Tuesday, November 18, 2008

No more Nano

I knew it was going to be tough this year and I didn't think I could make it. Well, I haven't.

I went to see Bill Bailey at the weekend, which was great by the way, but the trouble is that I'm still recovering. I haven't written since Sunday and as I can only manage 2,500 on my best day there's no way I can catch up now.

I have more than half a story written though. I think my best bet is to take what I've got and edit it into a short story. That way I'll have got something tangible out of it. At least I've got plenty to edit and some of it is fun.

Every time I do it I learn more about the way I write. This year I learnt that I can get over writer's block by not being so linear and writing the next bit I know how to do and then going back and filling bits in.

I think my next major learning needs to be how to write a decent plot. It's all good.

Good luck to everyone who's still doing it! And good luck to Geoff while your human is busy writing.


Kiersten White said...

At least you gave it a shot, right? And learning about yourself and getting a short story out of it strike me as more valuable than 50,000 words of dross ; )

Whirlochre said...

As a famous chinese philospher once said, "it isn't the trying that counts, it's the abject misery. That, and a big bowl of noodles."

I didn't even attempt Nano, mainly becuse I have a WIP bubbling on the hob but also because I couldn't write 50,000 words in a month unless I was chained to a rock and tortured into a confessional by armed fascists.

My problem at the moment is that I'm 7/8ths finished and my internal editor wants the next batch of words to be up to the standard of the ones already polished — a feat I can only manage on my better days.

But, I have a break coming up so I'm going to commit myself to writing the purest slurry I can muster and edit it all later. The silly thing is, whatever any of us write is likely to be chopped to pieces anyway should we be lucky enough to attract agents and editors to our writerly person(s).

Meanwhile — hope you get a good short story out of this.

And keep feeding the cats. They can turn, you know.

fairyhedgehog said...

Kiersten: You have a point. Although you can learn a lot from 50k of dross, just as you can from the 25k that I've got. Editing 25k is less daunting though.

WO: Good luck with your WIP. I'm not at the stage of thinking about agents and editors yet, I'd just like to get to the stage of writing competently. (Note the run-on sentence. I'm not there yet!)

Oh and you might want to watch out for Geoff while you're all tied up with your writing. I think he's already turned.

Stacy said...

Hey, you did a lot better than I did. And as K points out, what you learned about your writing is valuable.

fairyhedgehog said...

Thanks, freddie.

I felt a bit fed-up at first but now I'm looking at the good side.

JaneyV said...

Well I haven't had illness to contend with and I've done way fewer words than you. So you have my undying admiration. 25K is a great start and, as you say, much easier to edit. It also means if you made a plot mistake at 18K you only have to go back and change a few chapters instead of most of the book.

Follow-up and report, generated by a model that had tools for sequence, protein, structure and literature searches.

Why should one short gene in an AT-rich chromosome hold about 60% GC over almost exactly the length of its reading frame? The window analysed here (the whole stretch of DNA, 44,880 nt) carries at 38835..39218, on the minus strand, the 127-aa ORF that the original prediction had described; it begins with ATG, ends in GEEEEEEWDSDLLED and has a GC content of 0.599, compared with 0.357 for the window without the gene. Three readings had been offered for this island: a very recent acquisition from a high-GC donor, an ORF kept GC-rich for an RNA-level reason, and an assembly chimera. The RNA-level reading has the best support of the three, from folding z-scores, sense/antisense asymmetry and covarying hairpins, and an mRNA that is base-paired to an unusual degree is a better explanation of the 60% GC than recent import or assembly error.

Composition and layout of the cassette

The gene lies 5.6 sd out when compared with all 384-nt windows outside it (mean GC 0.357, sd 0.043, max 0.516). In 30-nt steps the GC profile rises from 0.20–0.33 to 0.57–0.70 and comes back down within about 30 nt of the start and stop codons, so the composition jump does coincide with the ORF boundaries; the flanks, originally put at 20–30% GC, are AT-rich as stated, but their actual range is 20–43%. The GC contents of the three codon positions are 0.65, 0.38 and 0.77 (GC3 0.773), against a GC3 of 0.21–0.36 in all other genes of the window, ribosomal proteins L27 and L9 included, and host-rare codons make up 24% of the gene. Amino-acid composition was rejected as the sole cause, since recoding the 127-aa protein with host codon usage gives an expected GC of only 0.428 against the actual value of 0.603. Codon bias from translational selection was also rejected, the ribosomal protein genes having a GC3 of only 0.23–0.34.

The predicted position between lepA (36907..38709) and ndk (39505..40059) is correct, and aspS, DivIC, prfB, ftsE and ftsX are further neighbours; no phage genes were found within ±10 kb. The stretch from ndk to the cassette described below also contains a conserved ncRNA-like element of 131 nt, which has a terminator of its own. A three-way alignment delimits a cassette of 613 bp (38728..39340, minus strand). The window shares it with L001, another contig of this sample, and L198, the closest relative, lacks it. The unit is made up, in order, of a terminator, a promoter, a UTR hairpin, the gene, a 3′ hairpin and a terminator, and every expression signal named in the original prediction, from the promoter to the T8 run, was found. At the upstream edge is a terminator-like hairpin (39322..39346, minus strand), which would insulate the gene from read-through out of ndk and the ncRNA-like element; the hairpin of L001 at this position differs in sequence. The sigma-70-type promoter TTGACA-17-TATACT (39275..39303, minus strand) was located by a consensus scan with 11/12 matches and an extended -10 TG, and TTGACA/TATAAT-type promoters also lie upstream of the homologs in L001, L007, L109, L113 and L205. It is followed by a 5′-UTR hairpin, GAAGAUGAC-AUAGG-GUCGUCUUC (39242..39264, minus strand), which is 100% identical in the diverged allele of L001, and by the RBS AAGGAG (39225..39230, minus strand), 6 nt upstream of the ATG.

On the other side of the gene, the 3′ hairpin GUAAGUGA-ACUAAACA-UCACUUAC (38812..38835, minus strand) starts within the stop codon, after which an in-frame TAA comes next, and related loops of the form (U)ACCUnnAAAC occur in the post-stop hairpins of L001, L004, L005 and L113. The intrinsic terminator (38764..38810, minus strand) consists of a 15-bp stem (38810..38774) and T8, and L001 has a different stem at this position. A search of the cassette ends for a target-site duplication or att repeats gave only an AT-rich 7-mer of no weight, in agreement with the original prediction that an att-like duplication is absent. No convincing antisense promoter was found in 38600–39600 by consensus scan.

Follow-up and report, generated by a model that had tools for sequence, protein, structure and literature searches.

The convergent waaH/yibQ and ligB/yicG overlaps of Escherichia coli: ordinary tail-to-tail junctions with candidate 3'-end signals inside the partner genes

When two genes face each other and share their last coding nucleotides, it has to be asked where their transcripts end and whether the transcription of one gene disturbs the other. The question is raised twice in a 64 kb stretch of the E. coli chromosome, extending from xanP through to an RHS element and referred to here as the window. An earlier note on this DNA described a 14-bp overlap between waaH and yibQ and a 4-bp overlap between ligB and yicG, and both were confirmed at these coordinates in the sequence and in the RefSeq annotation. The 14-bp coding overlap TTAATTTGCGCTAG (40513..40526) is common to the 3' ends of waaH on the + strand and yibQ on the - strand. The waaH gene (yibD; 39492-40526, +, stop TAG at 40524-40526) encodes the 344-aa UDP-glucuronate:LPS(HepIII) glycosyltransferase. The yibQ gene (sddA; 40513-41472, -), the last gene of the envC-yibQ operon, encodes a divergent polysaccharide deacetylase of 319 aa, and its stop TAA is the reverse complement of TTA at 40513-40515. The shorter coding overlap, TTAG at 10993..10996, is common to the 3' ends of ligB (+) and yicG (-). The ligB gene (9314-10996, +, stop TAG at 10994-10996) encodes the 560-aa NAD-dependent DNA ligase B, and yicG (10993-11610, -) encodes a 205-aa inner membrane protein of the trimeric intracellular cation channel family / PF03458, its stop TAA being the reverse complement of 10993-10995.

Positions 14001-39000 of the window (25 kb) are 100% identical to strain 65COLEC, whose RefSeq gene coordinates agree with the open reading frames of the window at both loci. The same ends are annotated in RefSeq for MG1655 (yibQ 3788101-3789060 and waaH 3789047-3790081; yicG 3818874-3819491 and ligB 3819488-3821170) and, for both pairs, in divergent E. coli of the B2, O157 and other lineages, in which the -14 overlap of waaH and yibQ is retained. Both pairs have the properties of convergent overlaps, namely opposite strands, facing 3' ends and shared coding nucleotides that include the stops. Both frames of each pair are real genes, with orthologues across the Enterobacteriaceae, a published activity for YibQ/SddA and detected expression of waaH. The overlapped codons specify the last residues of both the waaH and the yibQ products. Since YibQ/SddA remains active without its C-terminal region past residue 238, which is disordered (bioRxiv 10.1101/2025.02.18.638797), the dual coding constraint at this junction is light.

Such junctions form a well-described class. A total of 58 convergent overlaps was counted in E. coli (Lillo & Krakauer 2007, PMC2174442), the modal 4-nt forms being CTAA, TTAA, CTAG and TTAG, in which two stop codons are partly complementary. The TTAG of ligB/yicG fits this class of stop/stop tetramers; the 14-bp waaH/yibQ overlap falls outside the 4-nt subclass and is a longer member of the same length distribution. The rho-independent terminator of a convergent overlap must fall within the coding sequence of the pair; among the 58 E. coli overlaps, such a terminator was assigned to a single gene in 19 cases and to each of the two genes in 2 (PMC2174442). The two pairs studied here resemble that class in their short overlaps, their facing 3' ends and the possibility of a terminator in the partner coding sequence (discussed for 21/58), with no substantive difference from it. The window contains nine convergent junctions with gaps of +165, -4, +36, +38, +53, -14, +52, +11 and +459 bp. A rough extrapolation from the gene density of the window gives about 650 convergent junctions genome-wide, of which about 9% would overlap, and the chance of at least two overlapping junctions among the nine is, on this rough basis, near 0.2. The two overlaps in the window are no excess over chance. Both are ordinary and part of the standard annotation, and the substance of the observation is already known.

I have also learned that crucial lesson of getting around writer's block by skipping to the next bit and filling in later. It's the only reason I got past 7K actually.

Rest well and take care! x

Ms Scarlet said...

I don't think I could do Nano - nice in theory.
I'm loving all your cats... it's things like this that are a major distraction!

Sylvia said...

Well, I've been chugging along at my short story doing 500 words a day. It's interesting because I think I would have thrown in the towel - it's not the sort of thing I normally write and a lot longer than I think it should be for the amount of plot it holds. But having said I'd keep going until the end or Nov 31 (which ever comes first), I've kept going and I'm back to being intrigued by it.

So I suppose what I've learned is that when I go outside of my comfort zone, I'm a bit too prone to packing it in - not something I'd ever realised before.

Robin B. said...

I think having the spine of a short story out of it is great- and given the health hassles you've had, you should be patting yourself on the back!

Sarah Laurenson said...

I'm glad you have a great short to work on out of the NaNo. It's definitely not for everyone, but it can spark something really good. Hope you feel better soon.

fairyhedgehog said...

JaneyV: Thank you. At least I learnt something from this year's Nano. I've put the story aside for now to edit a bit later.

Scarlet-blue: Hi! Nice to see you in here and I'm glad you like the cats.

Sylvia: You say you're prone to 'packing it in' but it sounds like you've stayed with the story past a difficult patch. Good luck with keeping going to the 30th.

Robin and Sarah: Thank you. Your support means a lot to me.

McKoala said...

I admire anyone brave enough to even try NaNo!

fairyhedgehog said...

Thanks, McKoala.

It's good to see you up and about again.

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